Hope for US city networks as FCC pushes small cell regulatory reform
The relationship between city authorities and wireless operators has often been a sticking point when trying to get good connectivity to every citizen. In theory, both parties want ubiquitous, reliable access. In practice, they have often differed over how to go about it. As the FCC launches a set of proposals to ease small cell deployment in US cities and towns, there will be heated debate between the two sides – but there are also real signs that the operators and the municipalities are coming together.
The FCC is proposing several changes, which could make a real difference to the cost and time to deploy small cells in the US. They are exactly the kind of steps towards a simplified, consistent process which Small Cell Forum is actively advocating with regulators in the US and round the world.
The US telecoms regulator has approved a notice of proposed rulemaking (NPRM), which proposes ways to remove “regulatory impediments” that can slow roll-out of small cells at state and local levels. The aim is to arrive at a more streamlined and unified process nationwide, with less ability for municipalities to make their own idiosyncratic rules. These changes (see below for details) effectively set a firm time limit for approving a small cell installation.
They also aim to improve the rules and processes related to zoning, site regulations and permits, which are often cited as key obstacles to small cell roll-out in outdoor urban settings where new capacity is most needed. The procedure will address existing rules at local, state and federal level, as well as the FCC’s regulations on historic preservation and environmental review.
More controversially, the FCC wants the federal government to be able to force local and state authorities to approve applications for new towers, small cells and DAS sites, as well as amendments to existing structures. And it even questions whether cities should be forced to make provision for wireless sites, if their utilities are run underground, not on poles.
This is sure to attract opposition during the consulting phase. However, the atmosphere is a far cry from that of a decade ago, when operators and cities took to the law courts over municipal Wi-Fi plans.
Now, the objectives are far more harmonized, and the main criticism from city authorities so far has been that the FCC is being unnecessarily heavy-handed – the changes are happening without the need for new rules. Gary Resnick, a Florida mayor who chaired the FCC’s Intergovernmental Advisory Committee, told RCRWireless that 15 states and thousands of localities are “adopting laws and policies by working with the industry to allow these technologies to use the public rights of way in a way that balances important governmental interests … The FCC should afford an opportunity for this to continue rather than look to pre-empt state and local laws.”
All stakeholders want better wireless services, and they know the processes need to be simplified. “I have yet to come across a single community that wants to be left behind or overlooked as we embark on this new frontier,” said one of the FCC commissioners, Mignon Clyburn, during the debate over the NPRM. “Approving applications to site antennas and other infrastructure are difficult challenges for local governments … Many are overwhelmed.”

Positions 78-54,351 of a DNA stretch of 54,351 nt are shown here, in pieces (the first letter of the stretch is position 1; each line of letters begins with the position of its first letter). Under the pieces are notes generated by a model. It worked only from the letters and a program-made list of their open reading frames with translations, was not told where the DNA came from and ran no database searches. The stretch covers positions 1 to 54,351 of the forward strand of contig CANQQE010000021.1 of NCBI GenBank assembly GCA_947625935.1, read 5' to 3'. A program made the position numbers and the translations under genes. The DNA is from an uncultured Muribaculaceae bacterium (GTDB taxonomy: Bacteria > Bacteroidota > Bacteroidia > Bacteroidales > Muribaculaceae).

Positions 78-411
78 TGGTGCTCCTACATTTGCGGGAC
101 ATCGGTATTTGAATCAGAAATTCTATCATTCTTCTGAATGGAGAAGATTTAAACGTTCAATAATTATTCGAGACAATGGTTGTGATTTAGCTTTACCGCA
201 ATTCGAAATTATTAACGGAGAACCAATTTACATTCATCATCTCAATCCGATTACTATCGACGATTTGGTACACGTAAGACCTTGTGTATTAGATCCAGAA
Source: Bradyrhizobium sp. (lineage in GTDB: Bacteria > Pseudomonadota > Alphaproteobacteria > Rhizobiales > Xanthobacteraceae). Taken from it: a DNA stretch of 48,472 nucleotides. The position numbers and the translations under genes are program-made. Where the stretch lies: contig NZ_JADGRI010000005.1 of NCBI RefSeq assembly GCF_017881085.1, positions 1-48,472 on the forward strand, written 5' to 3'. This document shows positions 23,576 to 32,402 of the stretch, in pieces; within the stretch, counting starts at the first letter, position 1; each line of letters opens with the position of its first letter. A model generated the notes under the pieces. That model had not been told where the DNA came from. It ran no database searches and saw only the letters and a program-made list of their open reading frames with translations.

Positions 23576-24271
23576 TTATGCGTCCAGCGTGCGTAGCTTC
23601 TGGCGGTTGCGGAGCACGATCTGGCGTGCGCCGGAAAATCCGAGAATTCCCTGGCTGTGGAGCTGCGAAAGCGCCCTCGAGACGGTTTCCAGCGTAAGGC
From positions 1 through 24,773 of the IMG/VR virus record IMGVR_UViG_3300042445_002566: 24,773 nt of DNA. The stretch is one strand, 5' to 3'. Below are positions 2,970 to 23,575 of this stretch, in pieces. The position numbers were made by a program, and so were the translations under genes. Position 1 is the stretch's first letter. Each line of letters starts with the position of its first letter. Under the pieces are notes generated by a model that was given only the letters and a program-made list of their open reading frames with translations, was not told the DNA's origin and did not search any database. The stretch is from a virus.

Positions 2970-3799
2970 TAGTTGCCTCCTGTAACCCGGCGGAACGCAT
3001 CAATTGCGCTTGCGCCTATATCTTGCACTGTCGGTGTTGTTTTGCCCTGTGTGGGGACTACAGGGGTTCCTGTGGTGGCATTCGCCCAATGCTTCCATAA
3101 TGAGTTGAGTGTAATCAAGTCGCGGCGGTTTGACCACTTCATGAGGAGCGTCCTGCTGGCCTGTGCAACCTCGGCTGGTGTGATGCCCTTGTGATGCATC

Small Cell Forum, through its extensive work with regulators, municipalities and operators, is well aware that this is not an easy matter and there will be compromises on both sides. But we are encouraged that there is increasingly common purpose between all stakeholders on the two most crucial points – that dense mobile networks will be the best way to enable new services and better experience for all citizens; and that these networks will only come about if approval and installation processes are simplified both for authorities and deployers.
The FCC is now seeking comment its proposals, asking for operators, facility developers, city and state officials, and public citizens to share their ideas and experiences.
If your company has a vested interest in the deployment of small cells, participation in the Small Cell Forum work programme will ensure your voice is heard. Find out more today www.smallcellforum.org
Key areas where the FCC is proposing to limit local authority:
Shot clock simplification
A ‘shot clock’ occurs when an authority fails to rule on an application within a set time period. For modifications to existing towers and base station sites, the shot clock is 60 days, provided those modifications do not significantly change the physical structure. But if the modification involves the collocation of a new carrier on the site, the shot clock is 90 days, and for brand new sites it is 150 days. The FCC is seeking public comment on a proposal to shorten all the shot clocks to 60 days, or even less for small cells and DAS.
The FCC also wants to stop municipalities from imposing temporary moratoria on considerations of applications to deploy wireless infrastructure. Several cities have done this because officials were overwhelmed by the volume and complexity of applications for small cell sites. The FCC is calling for an end to this practice.
Companies that want to deploy small cells on utility poles say some municipalities are voting to move their utilities underground. The FCC is considering whether the federal government could force cities with underground utility lines to make special arrangements for wireless infrastructure? According to the Telecommunications Act of 1996, cities cannot prohibit companies from offering wireless service.